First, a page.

At 4:21pm local time the Malaysian Airlines flight MH17 en route from Amsterdam to Kuala Lumpur carrying 295 people crashed near the town of Shakhtyorsk in the embattled Donetsk province of eastern Ukraine.
The last known position of the aircraft places it at 32 kilometres from the Russian border. The Boeing 777 aircraft type cruises at an altitude of 10,000 meters (33,000 feet). The MH17 was reportedly on its regular flight path when it crashed.
US intelligence has confirmed that it was a surface–to–air missile that struck the aircraft as it flew over rebel–held territory in eastern Ukraine. The government in Kiev has pointed to pro–Russian separatists as responsible for the crash but they have so far either denied the accusation or remained silent.
However, an alleged phone call from the separatist leader Igor Bezler, described as a Russian military intelligence officer and leader of the Donetsk People’s Republic rebel group, suggests pro–Russian rebels may actually have shot the civilian airliner down.
The call reportedly was made 20 minutes after the initial reports of loss of contact with the Malaysian Airlines plane. Mr Bezler is recorded talking to a colonel in the main intelligence department of the Russian armed forces.
“We have just shot down a plane. Group Minera. It fell down beyond Yenakievo.” Mr Bezler says. (transcript below)
The location of the crash over towns in Donetsk lends credence to the theory of a missile strike. This region has experienced heavy fighting in the past week between separatists and Ukraine forces.
Two days ago, separatists using self–propelled or man–portable air defence weapons shot down Ukrainian SU–25 close air support jets in the province. Earlier in the week a military transport AN–26 aircraft was reportedly shot down by similar weapons.
Russian officials denied the accusation they assisted with the shootdown of these aircraft, while pro–Russian separatists claimed full responsibility.
Ukrainian officials have accused Russia of giving the rebels a BUK SA–17 system – a road–mobile self–propelled missile system – although the exact intelligence on this claim is expectedly hazy.
The SA–17 has already been suggested as the possible cause of the Malaysian Airlines crash. It has an engagement envelope of 15,000 meters and a range of 3-42 kilometers.
However, this weapons system is far more complex than the type apparently used to bring down the other military aircraft earlier this week. Several different variants of such missiles are known to be capable of engaging planes at the reported altitude and are deployed in both Ukraine and Russia.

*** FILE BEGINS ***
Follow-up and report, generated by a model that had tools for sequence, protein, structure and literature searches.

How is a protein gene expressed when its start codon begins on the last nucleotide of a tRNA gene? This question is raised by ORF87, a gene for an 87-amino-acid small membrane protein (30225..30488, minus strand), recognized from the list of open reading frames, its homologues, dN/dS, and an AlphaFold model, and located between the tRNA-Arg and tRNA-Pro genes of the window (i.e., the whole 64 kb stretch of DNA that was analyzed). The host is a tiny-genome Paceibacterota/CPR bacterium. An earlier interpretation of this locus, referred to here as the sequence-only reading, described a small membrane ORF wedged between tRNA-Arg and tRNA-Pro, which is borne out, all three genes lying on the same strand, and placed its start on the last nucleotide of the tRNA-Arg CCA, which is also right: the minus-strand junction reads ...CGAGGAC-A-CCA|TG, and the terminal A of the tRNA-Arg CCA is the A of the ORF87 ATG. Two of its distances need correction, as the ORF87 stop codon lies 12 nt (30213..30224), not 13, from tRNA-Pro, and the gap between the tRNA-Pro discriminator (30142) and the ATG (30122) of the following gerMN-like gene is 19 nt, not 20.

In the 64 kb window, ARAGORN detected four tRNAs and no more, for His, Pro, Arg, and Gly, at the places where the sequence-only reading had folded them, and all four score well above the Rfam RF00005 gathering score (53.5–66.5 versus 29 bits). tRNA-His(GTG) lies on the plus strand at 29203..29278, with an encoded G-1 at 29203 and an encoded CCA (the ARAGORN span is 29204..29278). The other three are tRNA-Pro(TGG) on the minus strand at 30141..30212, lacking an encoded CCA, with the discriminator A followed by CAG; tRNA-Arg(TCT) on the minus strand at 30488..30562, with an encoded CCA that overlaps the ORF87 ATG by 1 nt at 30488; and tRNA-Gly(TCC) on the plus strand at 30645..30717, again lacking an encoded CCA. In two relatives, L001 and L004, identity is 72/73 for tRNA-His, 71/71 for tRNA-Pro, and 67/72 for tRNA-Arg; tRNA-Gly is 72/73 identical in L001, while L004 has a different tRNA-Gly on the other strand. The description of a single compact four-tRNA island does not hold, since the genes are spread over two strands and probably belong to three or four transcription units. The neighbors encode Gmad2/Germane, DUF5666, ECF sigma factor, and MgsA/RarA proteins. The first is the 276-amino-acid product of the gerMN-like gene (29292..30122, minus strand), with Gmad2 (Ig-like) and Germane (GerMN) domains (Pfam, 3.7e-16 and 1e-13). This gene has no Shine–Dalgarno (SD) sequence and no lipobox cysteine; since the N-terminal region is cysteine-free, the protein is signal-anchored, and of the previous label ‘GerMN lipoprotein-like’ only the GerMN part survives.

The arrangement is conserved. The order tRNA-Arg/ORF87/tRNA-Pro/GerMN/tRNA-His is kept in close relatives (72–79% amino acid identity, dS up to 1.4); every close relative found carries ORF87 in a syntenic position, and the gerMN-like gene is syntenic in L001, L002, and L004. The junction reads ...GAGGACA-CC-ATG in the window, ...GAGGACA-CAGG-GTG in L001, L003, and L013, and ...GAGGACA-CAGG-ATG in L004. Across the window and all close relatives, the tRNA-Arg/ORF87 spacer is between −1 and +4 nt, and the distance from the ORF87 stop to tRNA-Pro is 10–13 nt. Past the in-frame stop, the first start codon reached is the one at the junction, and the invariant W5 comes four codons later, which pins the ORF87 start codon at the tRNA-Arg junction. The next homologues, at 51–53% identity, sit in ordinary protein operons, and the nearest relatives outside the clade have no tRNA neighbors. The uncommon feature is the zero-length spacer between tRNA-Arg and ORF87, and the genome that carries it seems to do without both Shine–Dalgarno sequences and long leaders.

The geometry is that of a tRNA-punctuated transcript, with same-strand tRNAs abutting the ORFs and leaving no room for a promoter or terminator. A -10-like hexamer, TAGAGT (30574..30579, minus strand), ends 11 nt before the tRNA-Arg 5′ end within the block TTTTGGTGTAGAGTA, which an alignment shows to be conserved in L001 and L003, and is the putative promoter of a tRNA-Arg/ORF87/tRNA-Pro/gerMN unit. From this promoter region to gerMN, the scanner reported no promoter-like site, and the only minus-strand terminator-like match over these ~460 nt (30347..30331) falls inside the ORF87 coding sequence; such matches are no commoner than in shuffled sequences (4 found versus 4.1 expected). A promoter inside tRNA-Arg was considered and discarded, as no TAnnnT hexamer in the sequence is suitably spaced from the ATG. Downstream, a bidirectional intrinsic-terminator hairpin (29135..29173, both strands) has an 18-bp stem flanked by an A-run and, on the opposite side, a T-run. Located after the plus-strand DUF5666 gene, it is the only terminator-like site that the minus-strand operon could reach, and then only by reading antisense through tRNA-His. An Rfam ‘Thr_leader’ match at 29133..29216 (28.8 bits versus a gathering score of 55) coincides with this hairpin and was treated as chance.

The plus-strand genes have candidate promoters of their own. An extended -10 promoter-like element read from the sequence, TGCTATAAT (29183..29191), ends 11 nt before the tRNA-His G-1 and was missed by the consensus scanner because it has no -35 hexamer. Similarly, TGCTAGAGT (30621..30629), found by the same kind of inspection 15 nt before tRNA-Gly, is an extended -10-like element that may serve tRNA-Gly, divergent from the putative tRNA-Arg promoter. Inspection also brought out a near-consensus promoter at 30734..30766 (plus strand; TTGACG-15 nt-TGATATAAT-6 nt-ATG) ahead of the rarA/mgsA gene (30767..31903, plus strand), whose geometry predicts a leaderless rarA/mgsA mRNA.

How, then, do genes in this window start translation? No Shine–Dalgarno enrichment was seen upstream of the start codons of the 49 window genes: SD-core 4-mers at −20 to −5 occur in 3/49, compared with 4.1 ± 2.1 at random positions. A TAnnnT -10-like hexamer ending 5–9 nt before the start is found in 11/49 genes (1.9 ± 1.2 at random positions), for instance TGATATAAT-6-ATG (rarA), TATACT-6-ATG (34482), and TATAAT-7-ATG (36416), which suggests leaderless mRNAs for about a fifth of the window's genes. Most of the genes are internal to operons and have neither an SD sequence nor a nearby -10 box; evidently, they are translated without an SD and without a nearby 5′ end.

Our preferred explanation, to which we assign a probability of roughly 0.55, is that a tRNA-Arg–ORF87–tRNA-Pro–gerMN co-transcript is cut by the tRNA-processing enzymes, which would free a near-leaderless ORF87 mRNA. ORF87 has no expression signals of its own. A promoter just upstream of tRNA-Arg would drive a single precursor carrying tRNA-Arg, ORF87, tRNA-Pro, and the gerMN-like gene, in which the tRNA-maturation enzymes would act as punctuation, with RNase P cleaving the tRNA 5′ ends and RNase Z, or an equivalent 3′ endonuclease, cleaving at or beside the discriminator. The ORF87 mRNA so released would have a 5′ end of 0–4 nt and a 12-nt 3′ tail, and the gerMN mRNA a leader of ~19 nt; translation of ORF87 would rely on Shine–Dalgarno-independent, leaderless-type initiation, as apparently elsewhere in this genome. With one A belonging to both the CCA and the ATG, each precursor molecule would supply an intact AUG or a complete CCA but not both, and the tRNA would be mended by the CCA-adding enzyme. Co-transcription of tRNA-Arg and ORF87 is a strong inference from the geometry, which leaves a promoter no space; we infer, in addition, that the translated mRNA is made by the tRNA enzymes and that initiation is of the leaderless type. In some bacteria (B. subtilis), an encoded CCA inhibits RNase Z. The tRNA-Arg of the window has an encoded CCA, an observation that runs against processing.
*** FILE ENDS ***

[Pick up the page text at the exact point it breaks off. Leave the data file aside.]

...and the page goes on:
Taking the altitude of the civilian airliner, only a medium– to long–range surface–to–air missile could have struck the aircraft. There have been unconfirmed sightings of the SA–17 system in rebel hands over the past few weeks.
Again, the rebels have denied they have weapons of the necessary range and operational envelope to hit a cruising civilian airliner.
Targeting an international airliner has not been the separatist’s goal, so the strike is likely to be a mistake if it was from their weapons. Although the route of the MH17 from west to east could have tripped the early warning radar on rebel missiles which would have been looking for approaching Ukrainian military aircraft from the same direction.
If the rebels have shot the plane down, sanctions on Russia can be expected to tighten and pressure for international governments to quell the fighting in Ukraine will be stepped up.
If the Ukrainian military has accidentally shot the aircraft down, the Russian claim that Ukraine’s campaign in the eastern provinces is illegitimate because of civilian deaths will be strengthened.
Should the evidence mount that Russia had a hand in facilitating the missile strike, the US will find it easier to convince European leaders to back their sanctions regime. This will increase tension in the region.
Below is the transcript of the phone call between the Russian separatists and Russian military intelligence officials. The translation is unofficial and taken directly from open–source audio, translated by STRATFOR:
Igor Bezler: We have just shot down a plane. Group Minera. It fell down beyond Yenakievo.
Vasili Geranin: Pilots. Where are the pilots?
IB: Gone to search for and photograph the plane. It's smoking.
VG: How many minutes ago?
IB: About 30 minutes ago.
Security Service of Ukraine comment: After examining the site of the plane the terrorists come to the conclusion that they have shot down a civilian plane. The next part of the conversation took place about 40 minutes later.
"Major": These are Chernukhin folks who shot down the plane. From the Chernukhin check point. Those cossacks who are based in Chernukhino.
"Greek": Yes, Major.
"Major": The plane fell apart in the air. In the area of Petropavlovskaya mine. The first "200" (code word for dead person). We have found the first "200." A Civilian.
"Greek": Well, what do you have there?
"Major": In short, it was 100 percent a passenger (civilian) aircraft.
"Greek": Are many people there?
"Major": Holy sh-t! The debris fell right into the yards (of homes).
"Greek": What kind of aircraft?
"Major": I haven't ascertained this. I haven't been to the main site. I am only surveying the scene where the first bodies fell. There are the remains of internal brackets, seats and bodies.
"Greek": Is there anything left of the weapon?
"Major": Absolutely nothing. Civilian items, medicinal stuff, towels, toilet paper.
"Greek": Are there documents?
"Major": Yes, of one Indonesian student. From a university in Thompson.